Enable the Use Custom Query option and paste the generated code in the Set custom query field. The posts will be automatically queried using the set parameters.
Use PHP to get the query arguments array and use them in your work whenever you add a WP Query to PHP.
To use the generated arguments array, click the Copy to Clipboard button and paste the code to the relevant .php file.
Setting General Parameters
When you open the WP Query Generator tool, you will be redirected to the General Parameters section. Here you will be able to set:
- Post type – here, you will have to input the post type slug, e.g., post, service, etc.
- Post status – click on the field to select the status to query the posts using it (e.g., publish, draft, etc.).
- Order – choose ASC or DESC value to sort the posts in ascending or descending order.
- Orderby – here, you can choose the parameter which will be used to set the post order (e.g., select the date parameter and ACS order to show the posts in the order of oldest to newest).
- Posts per page – type in the number of posts you want to be displayed per page (e.g., 5 to display only five posts from all the queried posts).
- Offset – use this parameter to hide some of the posts already displayed (e.g., one will hide the first post from the query from being shown).
- Paged – here, you have to define the page number where you want to show the posts (in the case you want them to be displayed on this particular page).
- Page – here, you can set the page number to be displayed on the static front page.
- Ignore sticky posts – enable this option to let the query work without considering the posts set as sticky.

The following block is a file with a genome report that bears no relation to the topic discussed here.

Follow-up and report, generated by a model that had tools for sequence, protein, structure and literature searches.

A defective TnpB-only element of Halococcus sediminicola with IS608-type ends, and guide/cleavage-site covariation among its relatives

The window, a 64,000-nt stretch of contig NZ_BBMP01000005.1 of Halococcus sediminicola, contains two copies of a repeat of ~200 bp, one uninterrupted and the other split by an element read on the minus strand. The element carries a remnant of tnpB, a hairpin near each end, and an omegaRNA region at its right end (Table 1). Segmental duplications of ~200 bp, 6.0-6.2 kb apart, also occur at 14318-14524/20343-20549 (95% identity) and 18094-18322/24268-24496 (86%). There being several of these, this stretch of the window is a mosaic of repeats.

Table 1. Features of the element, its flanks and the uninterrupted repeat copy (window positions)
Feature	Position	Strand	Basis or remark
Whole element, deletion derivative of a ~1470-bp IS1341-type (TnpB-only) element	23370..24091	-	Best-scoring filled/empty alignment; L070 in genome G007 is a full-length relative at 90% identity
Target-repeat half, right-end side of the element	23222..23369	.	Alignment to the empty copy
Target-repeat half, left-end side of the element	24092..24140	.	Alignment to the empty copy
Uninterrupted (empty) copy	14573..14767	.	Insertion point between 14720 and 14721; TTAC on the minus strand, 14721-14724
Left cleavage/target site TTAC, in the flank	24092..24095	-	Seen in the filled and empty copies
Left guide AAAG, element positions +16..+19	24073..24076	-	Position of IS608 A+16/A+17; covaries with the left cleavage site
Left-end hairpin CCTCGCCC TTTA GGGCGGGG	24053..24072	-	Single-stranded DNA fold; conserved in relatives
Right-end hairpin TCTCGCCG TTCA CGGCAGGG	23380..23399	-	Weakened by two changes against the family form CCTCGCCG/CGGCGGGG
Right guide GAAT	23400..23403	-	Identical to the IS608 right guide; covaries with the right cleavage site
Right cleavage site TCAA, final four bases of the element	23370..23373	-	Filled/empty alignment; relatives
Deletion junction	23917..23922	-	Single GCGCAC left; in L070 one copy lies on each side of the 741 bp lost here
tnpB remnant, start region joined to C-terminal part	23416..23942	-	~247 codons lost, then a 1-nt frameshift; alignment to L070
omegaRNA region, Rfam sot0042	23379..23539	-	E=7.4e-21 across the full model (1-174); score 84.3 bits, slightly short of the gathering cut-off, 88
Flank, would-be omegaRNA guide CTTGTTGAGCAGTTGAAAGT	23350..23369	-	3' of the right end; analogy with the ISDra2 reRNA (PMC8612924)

Post and page parameters
You can pull specific posts in this section using their ID, slug, and title. You will also be able to exclude or include pages using IDs, slug, or get a page in which its parent is in the list or not.
There are also fields where you can add information on the post IDs to identify the posts you want to retrieve.
Here you can define the author by ID or name to pull the posts published by one or several authors.
Category and tag parameters
In this section, you can include the query posts from the specific categories or tags (using category ID or slug) or exclude posts by category ID, slug, or the specific tag.
For example, to retrieve posts related to the Essays category but exclude those with the Non-fiction category, you will have to add the ID of the Essays category in the Category In field and add the Non-fiction category ID in the Category, not in the field.
In this case, you will only get the posts that are included in the Essays category and don’t fall under the Non-fiction category at the same time (the posts that are categorized as Essays and Non-fiction at the same time will be excluded).
Taxonomy query parameters
This section allows using custom taxonomy terms to query the posts. Here you can add several taxonomy types and use the specific taxonomy terms to retrieve the required posts or exclude the ones you don’t want to be displayed.
Each taxonomy query (or tax_query) has a set of operators (IN, NOT IN, AND, EXISTS, NOT EXISTS) to define whether the posts with specific terms should be included or excluded.
When you add more than one tax_query, you also can select the relation between the queries:
- AND – use this to query the posts that satisfy all the set taxonomy queries.
- OR – use this to query the posts that satisfy at least one of the queries.
In this section, you can use several meta keys and query posts by meta fundamental values (this option is handy regarding product post types and prices).
- To create a new meta_query, you have to add an ID for the meta field (also called custom field) or get it from the database and then input the value to use in the query method.